HINES: I hurtled myself over. And I starting falling head first.

GUPTA (voice-over): Kevin Hines was extremely lucky.

HINES: I hit free fall. And I said, I don't want to die. And I said, what am I going to do to survive? And I said I got to get feet first, which I did.

GUPTA: Despite two shattered vertebrae, Kevin recovered both physically and mentally. He takes college theater classes and dreams of working on films.

Indeed, several long-term studies have found that while survivors of suicide attempts do try again at a higher than normal rate, more than 90 percent do not, and go on to live normal lives.


GUPTA: Renee Milligan's 14 year old daughter Marissa jumped to her death from the Golden Gate four years ago, leaving a heartbreaking note.

MILLIGAN: I'm sorry. Please forgive me. Don't shut yourselves off from the world. Everyone is better off without this fat, disgusting, boring girl.

GUPTA: Renee thinks it should be much tougher to jump. She sued the Golden Gate Bridge District to force them to install a physical barrier.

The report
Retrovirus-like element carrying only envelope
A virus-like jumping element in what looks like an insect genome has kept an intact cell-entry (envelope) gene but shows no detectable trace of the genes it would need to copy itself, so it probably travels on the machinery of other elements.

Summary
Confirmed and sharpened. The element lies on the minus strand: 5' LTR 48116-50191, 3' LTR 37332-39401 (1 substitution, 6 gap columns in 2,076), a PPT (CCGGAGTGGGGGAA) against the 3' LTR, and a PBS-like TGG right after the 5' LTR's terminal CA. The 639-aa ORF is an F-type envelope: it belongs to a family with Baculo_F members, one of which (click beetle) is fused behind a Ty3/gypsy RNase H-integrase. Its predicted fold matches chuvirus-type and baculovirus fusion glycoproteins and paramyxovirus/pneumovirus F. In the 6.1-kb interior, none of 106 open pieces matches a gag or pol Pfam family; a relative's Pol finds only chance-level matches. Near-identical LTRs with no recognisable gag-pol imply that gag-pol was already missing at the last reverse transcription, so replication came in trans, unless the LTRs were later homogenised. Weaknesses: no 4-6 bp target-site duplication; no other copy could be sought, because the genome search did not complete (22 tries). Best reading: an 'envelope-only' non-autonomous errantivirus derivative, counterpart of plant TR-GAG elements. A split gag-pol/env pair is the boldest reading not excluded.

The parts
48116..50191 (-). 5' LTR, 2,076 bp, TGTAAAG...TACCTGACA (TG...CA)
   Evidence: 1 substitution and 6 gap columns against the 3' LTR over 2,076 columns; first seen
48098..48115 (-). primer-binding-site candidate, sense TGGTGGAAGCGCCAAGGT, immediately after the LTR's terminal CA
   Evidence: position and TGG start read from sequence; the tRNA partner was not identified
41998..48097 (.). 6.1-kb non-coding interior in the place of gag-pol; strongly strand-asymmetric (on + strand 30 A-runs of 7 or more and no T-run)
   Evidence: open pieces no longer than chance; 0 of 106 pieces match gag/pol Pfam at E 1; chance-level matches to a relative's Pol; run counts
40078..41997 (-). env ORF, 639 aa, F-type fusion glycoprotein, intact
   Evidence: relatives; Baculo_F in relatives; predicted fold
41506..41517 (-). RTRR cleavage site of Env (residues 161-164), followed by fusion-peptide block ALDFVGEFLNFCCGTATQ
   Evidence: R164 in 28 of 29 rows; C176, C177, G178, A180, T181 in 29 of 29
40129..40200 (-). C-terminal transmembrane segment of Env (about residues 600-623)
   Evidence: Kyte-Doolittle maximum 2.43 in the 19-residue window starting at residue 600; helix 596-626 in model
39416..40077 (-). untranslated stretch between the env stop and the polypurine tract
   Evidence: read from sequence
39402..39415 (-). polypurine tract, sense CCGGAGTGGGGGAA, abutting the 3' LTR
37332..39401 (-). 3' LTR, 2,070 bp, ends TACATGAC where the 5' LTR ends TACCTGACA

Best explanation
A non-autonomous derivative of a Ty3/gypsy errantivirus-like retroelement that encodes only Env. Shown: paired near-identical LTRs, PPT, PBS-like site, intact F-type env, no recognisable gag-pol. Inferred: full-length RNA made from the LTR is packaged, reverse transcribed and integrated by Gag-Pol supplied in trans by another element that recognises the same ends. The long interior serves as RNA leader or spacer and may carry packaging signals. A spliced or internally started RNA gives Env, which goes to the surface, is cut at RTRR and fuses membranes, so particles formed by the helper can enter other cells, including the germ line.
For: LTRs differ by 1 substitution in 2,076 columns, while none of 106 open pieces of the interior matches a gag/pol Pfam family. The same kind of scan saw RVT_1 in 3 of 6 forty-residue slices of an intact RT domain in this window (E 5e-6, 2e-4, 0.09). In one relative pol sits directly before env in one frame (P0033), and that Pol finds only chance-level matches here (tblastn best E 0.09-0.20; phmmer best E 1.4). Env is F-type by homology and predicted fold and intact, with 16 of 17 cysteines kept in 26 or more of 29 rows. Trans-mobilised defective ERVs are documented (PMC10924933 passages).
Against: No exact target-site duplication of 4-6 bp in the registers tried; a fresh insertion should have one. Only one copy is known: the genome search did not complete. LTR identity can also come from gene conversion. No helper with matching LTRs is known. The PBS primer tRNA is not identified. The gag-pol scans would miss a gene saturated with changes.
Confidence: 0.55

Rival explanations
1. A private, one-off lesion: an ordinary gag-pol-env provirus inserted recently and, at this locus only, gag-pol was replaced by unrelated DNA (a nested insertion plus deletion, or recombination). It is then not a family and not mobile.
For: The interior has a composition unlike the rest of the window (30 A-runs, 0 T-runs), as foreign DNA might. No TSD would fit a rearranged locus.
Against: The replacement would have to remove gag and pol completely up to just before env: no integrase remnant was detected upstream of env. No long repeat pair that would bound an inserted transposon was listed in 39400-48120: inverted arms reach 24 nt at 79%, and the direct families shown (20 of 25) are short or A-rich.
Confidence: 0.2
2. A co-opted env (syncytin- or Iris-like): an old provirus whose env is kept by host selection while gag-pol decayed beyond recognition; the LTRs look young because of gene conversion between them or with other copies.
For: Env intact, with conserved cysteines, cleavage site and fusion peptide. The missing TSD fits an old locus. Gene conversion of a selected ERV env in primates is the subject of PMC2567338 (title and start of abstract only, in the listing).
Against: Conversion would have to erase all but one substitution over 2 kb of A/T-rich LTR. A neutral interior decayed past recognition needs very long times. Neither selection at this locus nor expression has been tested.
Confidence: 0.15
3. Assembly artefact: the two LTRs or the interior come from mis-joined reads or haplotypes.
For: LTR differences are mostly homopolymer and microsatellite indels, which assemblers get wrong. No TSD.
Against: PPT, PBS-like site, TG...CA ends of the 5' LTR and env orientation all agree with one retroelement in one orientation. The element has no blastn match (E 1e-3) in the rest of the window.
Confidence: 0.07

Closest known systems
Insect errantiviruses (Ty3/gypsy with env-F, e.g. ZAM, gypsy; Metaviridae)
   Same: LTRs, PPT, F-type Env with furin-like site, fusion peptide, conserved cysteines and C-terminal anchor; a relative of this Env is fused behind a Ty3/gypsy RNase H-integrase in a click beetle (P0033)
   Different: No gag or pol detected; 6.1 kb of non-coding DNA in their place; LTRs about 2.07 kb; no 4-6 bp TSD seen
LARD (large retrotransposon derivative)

MILLIGAN: Right now it's like a loaded gun. I think in her letters, she says it's the easiest way.

GUPTA: The suit was thrown out, but Renee has filed an appeal. The bridge directors say they haven't found a barrier that would be effective, structurally sound and still aesthetically pleasing. They do have security cameras, call boxes with a hot line to counselors and a regular patrol looking for suspicious behavior. The patrol checked on us after about 20 minutes.

But these days, Kevin Hines is all right. He now gives inspirational talks about overcoming depression. Living proof it can be done.

HINES: I'm just so lucky to be alive, so blessed. Every day I just thank God every day I'm waking up.

GUPTA: Dr. Sanjay Gupta, CNN, San Francisco.

(END VIDEOTAPE) ZAHN: One more thing tonight, later this month officials will vote on whether to begin the safety barrier study that's been talked about for so long.

That wraps it up for all of us here. Thanks so much for being with us tonight. We'll be back same time same place tomorrow night. Until then have a great night. "LARRY KING LIVE" starts right now.